Brandman, James, Global Finance
Name: Hanna GronkiewiczWaltz
Norodowy Bank Polski (National Bank of Poland) since 1992
Background: Former law professor and member of Solidarity; presidential candidate, 1995
Akerfuffle over the level of foreign control in Polish banking is ending tremors through the international business community in Poland. Caught in the middle is former law professor Hanna GronkiewiczWaltz, Poland's central bank governor.
The fuss follows the recent sale of a strategic stake in Pekao, the country's largest commercial bank, to UniCredito Italiano of Italy, which acted in partnership with German insurer Allianz. Public interest in the issue has also been whipped up by the announcement of merger talks between Bank Handlowy Poland's largest corporate bank, and BRE, another Polish bank that specializes in corporate clients. Bankers and politicians are waiting for the terms of a possible deal, from which they hope a more "Polish" bank will emerge. A straightforward merger could dilute the level of foreign control, since Germany's Commerzbank has 49% of BRE while Handlowy's largest shareholder, J.P Morgan of the United States, has only 12% of that bank.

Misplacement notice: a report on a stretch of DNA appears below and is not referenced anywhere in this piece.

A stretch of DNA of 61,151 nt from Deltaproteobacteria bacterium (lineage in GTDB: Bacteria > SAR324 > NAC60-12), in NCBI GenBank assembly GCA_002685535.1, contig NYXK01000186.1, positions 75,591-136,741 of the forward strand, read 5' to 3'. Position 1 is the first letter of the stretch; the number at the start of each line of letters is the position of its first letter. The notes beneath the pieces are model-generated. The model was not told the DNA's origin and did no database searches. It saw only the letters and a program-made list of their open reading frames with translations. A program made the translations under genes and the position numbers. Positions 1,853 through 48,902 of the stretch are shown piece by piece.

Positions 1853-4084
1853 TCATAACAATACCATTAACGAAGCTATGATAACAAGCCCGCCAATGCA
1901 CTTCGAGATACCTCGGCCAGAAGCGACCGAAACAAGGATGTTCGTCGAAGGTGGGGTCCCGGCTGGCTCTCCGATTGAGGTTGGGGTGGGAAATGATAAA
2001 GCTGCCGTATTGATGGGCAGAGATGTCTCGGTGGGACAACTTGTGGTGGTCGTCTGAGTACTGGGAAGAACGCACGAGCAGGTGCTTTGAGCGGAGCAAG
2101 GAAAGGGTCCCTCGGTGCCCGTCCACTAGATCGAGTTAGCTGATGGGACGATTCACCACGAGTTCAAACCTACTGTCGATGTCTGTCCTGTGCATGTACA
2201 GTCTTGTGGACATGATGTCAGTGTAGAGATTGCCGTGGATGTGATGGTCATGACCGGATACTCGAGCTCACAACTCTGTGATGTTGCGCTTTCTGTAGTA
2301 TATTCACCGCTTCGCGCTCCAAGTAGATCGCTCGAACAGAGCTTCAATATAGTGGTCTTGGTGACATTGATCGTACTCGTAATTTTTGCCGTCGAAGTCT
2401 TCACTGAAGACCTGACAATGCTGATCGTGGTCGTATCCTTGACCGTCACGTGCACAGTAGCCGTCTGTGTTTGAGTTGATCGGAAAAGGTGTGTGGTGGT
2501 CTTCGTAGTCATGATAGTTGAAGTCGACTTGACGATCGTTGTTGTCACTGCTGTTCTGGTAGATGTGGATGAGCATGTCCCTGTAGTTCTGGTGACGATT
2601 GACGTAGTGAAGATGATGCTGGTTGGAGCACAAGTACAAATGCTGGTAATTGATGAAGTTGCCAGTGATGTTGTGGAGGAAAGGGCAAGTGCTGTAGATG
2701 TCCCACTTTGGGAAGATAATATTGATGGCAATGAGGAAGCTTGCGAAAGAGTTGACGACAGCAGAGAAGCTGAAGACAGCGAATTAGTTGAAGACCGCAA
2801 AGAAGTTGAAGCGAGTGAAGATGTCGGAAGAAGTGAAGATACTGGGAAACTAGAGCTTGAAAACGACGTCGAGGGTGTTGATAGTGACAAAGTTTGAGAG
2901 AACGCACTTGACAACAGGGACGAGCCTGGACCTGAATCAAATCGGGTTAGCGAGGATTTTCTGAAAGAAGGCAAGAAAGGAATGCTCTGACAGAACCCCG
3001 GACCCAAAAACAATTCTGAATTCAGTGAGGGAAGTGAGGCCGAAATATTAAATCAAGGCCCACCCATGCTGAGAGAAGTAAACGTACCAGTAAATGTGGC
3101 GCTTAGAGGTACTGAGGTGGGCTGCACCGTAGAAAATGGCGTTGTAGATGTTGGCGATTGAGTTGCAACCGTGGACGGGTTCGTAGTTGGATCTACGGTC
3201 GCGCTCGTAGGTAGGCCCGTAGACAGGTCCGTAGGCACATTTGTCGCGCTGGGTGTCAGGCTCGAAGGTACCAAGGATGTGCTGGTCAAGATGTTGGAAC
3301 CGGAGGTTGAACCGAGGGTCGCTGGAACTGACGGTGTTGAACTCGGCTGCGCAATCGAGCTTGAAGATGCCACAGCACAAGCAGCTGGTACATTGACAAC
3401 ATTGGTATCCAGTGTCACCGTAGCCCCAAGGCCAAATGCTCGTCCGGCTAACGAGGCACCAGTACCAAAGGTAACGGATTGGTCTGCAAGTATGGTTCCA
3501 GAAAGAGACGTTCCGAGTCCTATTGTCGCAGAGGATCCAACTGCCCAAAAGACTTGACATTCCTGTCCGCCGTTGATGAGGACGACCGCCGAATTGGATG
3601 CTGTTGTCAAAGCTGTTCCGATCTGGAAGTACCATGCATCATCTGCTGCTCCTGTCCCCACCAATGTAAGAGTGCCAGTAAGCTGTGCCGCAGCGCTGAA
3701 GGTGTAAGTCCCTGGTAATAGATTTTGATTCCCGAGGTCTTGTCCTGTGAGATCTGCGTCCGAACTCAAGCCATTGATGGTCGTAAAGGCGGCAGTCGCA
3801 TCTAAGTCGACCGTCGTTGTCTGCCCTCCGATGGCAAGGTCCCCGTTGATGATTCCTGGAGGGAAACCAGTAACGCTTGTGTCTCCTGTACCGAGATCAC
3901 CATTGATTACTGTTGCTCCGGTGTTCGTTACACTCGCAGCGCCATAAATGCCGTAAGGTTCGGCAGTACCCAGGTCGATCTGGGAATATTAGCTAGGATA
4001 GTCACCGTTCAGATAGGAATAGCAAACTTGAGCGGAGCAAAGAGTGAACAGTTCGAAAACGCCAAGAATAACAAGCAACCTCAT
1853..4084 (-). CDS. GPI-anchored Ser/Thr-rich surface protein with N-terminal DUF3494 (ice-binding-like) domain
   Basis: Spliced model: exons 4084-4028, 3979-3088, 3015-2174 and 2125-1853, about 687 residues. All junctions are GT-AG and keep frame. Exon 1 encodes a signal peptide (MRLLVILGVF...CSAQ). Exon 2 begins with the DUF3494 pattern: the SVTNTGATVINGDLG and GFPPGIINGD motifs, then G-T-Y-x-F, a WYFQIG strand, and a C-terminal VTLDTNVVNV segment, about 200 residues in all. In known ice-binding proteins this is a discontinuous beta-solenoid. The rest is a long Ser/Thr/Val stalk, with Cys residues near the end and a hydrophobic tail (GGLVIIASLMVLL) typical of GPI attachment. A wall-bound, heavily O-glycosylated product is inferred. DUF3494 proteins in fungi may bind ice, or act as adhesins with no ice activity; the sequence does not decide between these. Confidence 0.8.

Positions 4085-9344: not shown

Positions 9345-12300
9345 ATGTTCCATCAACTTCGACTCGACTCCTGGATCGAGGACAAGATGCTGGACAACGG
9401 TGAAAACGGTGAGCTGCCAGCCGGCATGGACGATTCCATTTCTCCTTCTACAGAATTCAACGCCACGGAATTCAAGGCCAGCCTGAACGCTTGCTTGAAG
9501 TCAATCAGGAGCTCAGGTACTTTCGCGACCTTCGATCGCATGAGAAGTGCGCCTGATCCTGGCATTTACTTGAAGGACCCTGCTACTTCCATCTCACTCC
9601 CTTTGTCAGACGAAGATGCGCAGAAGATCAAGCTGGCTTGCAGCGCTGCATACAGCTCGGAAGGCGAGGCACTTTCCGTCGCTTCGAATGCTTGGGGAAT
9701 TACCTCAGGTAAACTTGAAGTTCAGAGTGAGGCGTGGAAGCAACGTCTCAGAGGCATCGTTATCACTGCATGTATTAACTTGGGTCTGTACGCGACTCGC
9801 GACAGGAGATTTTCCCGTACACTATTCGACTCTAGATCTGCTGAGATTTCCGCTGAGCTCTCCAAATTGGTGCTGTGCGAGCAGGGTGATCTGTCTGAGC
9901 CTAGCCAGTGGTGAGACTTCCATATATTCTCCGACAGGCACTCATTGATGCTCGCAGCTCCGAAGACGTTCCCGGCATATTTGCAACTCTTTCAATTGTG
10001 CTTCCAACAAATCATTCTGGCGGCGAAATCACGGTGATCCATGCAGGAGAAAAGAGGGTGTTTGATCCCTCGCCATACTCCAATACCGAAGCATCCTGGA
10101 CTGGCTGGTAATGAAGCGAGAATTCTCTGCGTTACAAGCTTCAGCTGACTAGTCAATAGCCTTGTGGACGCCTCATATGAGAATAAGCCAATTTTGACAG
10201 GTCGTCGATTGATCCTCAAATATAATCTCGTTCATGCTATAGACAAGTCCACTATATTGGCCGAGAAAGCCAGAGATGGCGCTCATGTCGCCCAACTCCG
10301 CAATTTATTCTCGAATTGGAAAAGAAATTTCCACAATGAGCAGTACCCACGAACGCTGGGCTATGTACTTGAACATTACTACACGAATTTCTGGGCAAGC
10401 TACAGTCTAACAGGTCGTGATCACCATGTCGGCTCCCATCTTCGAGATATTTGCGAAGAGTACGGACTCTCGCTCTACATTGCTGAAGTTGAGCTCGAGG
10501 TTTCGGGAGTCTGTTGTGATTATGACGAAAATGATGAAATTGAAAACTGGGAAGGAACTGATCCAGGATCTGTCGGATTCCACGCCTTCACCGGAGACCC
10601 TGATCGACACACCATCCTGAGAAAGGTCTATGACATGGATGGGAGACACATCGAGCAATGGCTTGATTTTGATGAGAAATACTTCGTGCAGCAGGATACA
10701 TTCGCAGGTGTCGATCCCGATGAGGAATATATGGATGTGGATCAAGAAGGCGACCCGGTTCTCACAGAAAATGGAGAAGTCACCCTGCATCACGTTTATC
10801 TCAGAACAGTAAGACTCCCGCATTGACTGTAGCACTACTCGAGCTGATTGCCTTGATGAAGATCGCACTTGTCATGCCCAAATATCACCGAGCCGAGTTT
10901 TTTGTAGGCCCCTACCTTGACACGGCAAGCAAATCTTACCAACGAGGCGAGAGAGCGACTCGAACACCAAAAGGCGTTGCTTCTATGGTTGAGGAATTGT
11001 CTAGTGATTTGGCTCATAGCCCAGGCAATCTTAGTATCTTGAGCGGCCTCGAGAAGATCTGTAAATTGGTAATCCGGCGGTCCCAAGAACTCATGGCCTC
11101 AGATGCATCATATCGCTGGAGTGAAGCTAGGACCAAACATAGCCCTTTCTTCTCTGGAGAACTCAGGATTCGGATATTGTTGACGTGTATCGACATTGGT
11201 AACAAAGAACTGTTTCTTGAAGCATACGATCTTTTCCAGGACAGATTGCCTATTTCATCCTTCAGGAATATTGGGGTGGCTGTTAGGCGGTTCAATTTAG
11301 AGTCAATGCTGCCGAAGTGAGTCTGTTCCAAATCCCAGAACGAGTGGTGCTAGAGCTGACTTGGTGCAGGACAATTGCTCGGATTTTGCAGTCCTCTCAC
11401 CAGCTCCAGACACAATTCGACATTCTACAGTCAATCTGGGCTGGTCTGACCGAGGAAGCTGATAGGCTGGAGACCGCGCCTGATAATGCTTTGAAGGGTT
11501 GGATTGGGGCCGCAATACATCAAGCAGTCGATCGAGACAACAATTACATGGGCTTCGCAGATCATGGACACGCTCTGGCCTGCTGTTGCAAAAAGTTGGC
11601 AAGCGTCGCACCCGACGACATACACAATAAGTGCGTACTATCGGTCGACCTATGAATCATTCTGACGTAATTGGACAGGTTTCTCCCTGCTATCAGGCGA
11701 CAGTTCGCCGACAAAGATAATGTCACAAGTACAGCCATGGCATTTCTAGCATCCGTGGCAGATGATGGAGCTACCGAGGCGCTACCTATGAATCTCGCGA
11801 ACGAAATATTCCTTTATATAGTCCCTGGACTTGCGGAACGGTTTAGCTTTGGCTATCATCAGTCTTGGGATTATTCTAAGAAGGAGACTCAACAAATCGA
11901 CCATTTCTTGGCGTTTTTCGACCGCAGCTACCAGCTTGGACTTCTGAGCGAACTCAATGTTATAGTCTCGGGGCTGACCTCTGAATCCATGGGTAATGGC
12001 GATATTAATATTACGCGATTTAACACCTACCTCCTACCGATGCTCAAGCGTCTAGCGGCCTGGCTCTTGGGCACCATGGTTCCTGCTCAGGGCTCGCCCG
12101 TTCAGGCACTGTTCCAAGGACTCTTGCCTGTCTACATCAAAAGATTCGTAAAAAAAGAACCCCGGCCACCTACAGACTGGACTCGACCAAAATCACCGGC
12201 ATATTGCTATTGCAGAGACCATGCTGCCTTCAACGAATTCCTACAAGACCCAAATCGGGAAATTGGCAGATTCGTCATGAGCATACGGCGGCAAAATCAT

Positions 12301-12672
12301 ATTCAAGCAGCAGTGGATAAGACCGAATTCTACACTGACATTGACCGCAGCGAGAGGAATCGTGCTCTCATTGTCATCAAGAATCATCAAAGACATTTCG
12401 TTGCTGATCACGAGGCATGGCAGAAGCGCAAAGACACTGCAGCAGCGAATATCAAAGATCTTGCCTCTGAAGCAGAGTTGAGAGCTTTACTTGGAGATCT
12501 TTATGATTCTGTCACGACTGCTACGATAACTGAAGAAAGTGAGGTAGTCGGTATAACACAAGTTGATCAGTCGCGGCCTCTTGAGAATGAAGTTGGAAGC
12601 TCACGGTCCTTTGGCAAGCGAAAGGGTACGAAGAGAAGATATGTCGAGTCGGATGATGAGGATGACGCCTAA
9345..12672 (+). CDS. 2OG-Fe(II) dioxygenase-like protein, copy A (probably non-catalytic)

The president of the Warsaw Stock Exchange, Wieslaw Rozlucki, is now leading a lobby calling for the government to start discriminating in favor of local companies at the expense of foreign capital. Meanwhile, GronkiewiczWaltz faces emerging skepticism in Poland about foreign capital levels, the internationalization of the economy, and entry into the European Union.
James Brandman from Global Finance spoke with GronkiewiczWaltz in Warsaw.
GF: Financial services offered by Polish banks are still quite limited.What can be done to diversify the banking sector?
HG-W: About a third of Poland's population does not use banks, but for the other two thirds there are more and more new products. As well as Polish banks, there are now banks that are 100% foreign-owned-for example, Citibank, Deutsche Bank, Bank Austria.
GF: Will lifting the remaining restrictions on the entry of foreign banks this year help kick-start the development of the banking industry?
HG-W: We have about 20 foreign banks, so I don't think there is room for more banks because of the competition. It has nothing to do with administrative restrictions on licensing because there aren't any.
GF: Banks complain that stiff regulation is affecting their competitiveness. How are you responding?
HG-W: We're simply adjusting our regulation to EU standards.They are complaining mainly about the high reserve requirements, the average for which is about 11%.That's relatively high compared with reserve requirements in developed countries. But it's a very complex subject. We would like to reduce our reserve requirements, but that would absorb liquidity. We would also like to issue bonds rather than decrease reserve requirements. …